Artists often say art isn’t what they do, it’s who they are. When the Covid-19 pandemic began in March 2020 there were no more gigs for musicians like Paul Gemino. A passion to play began on a rainy front porch one night at 7pm, soon a neighbourhood was coming together through music and the Allan Road Band was born.
The day the music died
The shocking shutdown of life in March 2020 had local musician Paul Gemino lost.
“Suddenly there was nothing,” he said. “Psychologically it was like there was a black cloud all around me. I couldn’t be all of me. It was like I was lonely or lost.”
The sounds of pots and pans brought Gemino out of his house one night. As a musician and composer with more than 35 years of professional experience – and encouraged by wife Faye Slevage – Gemino thought he could lend his guitar to the ragtag orchestra acknowledging front-line workers and healthcare personnel.
“I played three songs that first night in the pouring rain on my covered porch,” said Gemino. “One guy came by. The second night there were three. Then a few more and more. But that first night, in the pouring rain, that first guy began [to clap], and it might as well have been a crowd of 10,000.”
Gemino’s thoughts echo countless other live performers who also lost not only their livelihoods but also the outlet for their passions.
“I have been playing music since forever,” he said. “It’s in my DNA to be a musician.”
After the solo success of the first few nights, Gemino gave a call to a fellow musician and then two. Gaining momentum, another friend joined and another until the six-piece Allan Road Band was formed.
“Eventually we did 40 days in a row – never repeating a song,” he said. “It was an organic sort of growing. We started to get people noticing, not just here but all over the world. My wife would put her cellphone up on a stand and record it and we would share it. Then I got a message from London, England asking me to play Jimi Hendrix’s Fire at an upcoming show. It’s a bit of a crazy song – but I thought ‘Yes.’ This whole thing has been about saying ‘yes’ to what could be.”
The current Allan Road Band has a lot of others saying yes too. Gemino is joined by Bill Schatz, Brian Carballo, Peter Lepine, Les Toth and Ron Froehlich. His wife Faye Savage picks up the other jobs like sound technician, PR and photographer.
Normalize the neighbourhood
What the Allan Road Band didn’t know was that their passion was also becoming a weekly beacon of light and hope in Lynn Valley.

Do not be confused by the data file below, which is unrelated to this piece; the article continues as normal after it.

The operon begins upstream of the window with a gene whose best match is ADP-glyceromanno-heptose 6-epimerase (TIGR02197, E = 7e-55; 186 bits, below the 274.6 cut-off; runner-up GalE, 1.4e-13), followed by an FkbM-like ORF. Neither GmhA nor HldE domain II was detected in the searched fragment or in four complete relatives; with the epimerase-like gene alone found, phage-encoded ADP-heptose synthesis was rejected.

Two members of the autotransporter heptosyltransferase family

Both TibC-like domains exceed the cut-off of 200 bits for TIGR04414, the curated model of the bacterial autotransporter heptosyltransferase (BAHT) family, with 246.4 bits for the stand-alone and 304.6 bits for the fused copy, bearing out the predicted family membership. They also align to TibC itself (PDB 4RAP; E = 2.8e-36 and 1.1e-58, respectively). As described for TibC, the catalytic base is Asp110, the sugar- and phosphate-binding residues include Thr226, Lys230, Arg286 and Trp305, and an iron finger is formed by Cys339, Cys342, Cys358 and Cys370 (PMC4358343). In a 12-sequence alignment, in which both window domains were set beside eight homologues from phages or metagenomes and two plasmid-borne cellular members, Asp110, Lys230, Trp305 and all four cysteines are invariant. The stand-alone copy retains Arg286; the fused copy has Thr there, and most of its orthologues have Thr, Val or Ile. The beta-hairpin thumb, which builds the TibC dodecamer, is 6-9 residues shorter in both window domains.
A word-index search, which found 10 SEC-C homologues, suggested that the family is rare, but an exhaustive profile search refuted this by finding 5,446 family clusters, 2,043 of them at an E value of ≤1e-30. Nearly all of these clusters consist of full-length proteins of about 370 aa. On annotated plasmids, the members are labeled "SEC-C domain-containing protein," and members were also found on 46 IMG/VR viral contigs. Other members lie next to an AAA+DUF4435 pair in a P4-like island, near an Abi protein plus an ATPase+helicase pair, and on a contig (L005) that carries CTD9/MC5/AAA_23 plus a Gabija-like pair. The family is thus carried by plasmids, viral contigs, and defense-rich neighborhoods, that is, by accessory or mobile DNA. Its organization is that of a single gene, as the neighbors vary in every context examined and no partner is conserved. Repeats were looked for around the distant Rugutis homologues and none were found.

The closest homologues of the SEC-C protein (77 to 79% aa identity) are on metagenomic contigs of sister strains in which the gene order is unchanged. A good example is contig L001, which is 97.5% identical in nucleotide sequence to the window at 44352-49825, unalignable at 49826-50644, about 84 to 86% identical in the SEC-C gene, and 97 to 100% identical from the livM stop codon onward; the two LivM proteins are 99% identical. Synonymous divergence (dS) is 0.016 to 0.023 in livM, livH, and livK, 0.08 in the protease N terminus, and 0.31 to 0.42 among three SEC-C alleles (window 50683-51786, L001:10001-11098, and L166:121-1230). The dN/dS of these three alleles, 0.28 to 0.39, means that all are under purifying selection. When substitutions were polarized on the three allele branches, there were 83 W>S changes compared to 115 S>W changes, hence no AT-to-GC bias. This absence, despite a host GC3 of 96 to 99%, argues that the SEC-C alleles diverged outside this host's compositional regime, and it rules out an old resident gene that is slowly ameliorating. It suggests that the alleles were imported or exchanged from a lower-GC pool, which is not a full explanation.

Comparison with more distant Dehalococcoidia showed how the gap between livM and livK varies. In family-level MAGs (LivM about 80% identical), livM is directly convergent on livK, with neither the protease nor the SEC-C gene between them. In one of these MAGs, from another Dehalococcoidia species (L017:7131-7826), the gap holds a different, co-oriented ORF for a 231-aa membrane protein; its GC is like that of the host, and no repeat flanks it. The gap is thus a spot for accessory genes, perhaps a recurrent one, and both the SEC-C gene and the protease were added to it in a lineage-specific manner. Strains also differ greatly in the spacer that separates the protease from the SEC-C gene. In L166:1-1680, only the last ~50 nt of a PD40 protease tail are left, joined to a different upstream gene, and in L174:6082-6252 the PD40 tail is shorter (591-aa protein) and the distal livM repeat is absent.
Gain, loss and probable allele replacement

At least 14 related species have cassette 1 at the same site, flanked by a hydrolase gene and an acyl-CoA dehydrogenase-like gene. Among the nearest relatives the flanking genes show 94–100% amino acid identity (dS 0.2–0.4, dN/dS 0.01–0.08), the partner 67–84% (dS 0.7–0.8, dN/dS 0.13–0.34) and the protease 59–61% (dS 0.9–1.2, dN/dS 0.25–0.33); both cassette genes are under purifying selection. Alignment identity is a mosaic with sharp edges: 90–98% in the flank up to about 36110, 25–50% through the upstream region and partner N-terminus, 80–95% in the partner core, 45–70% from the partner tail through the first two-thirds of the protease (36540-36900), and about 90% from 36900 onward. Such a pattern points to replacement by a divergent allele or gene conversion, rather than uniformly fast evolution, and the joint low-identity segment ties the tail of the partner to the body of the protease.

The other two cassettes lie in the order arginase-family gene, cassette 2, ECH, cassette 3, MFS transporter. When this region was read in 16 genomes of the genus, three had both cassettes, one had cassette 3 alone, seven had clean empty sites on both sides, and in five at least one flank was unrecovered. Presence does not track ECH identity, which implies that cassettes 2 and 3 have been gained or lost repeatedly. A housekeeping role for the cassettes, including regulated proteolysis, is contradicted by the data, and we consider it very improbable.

“We were living in strange times,” said Colleen Eschner, who lives in Gemino’s neighbourhood. “It was one hour to look forward to each week – and I really looked forward to it. It was a chance to see people you care about, to see neighbours, to experience something as a community and to do something that was safe – and normal.”
As the weeks went on word of mouth spread and the sounds of music drew people to the unadvertised events. It was a chance for people to be outside and together but also socially distant, said Gemino.
“It was invigorating to see people talking and connecting – checking in, shuffling over to give space,” he said. “I didn’t know we had two paramedics on the street. Here I was thanking essential workers and they were out doing the work.”
The weekly concerts were time to put aside the challenging time and escape for a little while.
“I had covid – getting quite sick,” said Eschner. “It was almost a shock to sit quietly and listen to the music again. It was hope. It was respite. It was so normal but everything was different. We were looking at the world through a different lens.”
One of Gemino’s joys was getting requests from patients in hospital.
“I had one rule – no downers. Someone fighting for their health needs to hear energy or happy.”
As the summer and year went on the audience grew and was always appreciative.
“I had a family move in next door and two days later I am pulling out gear and the ‘dad’ is dumbfounded. It’s not every day you move next door to a rock band,” laughed Gemino. “The ‘mom’ was about eight months pregnant and they came out with their 18-month-old that day and have been great supporters.”
There were other stand out memories like the connection the band fostered with DNV Firefighters during the Arglye grad parade, the 88-year-old neighbour from down the block who called her kids and grandkids and had a family picnic, and little three-year-old Nora who brings her ukelele and joins the band. That little maestro led to an entire kids concert with more than 15 ukeleles.
“Mabye three could play – and it was noise but it was fun noise,” said Gemino
The passion and joy of the band is palpable on show days, said Eschner. It draws the community out of their homes.
“When you go and sing along for an hour or just sit with a friend, it was so healing,” she said. “It holds on to you and echoes around in your head and body and stays with you.”
The path forward
As the regulations change the band moves forward – not onward. Gemino has been able to return to his other job, a taekwondo instructor but live music gigs are limited and not the same as before with restrictions like no dancing. As rough as that is for the Allan Road Band members’ other musical pursuits, it does mean they will be returning to the driveway as weather allows.
“There is no question we will keep doing it. It’s all passion – and so much fun,” said Gemino.
There is little doubt Eschner will be listening.
“I so look forward to it and I so appreciate the time and effort of the entire band.”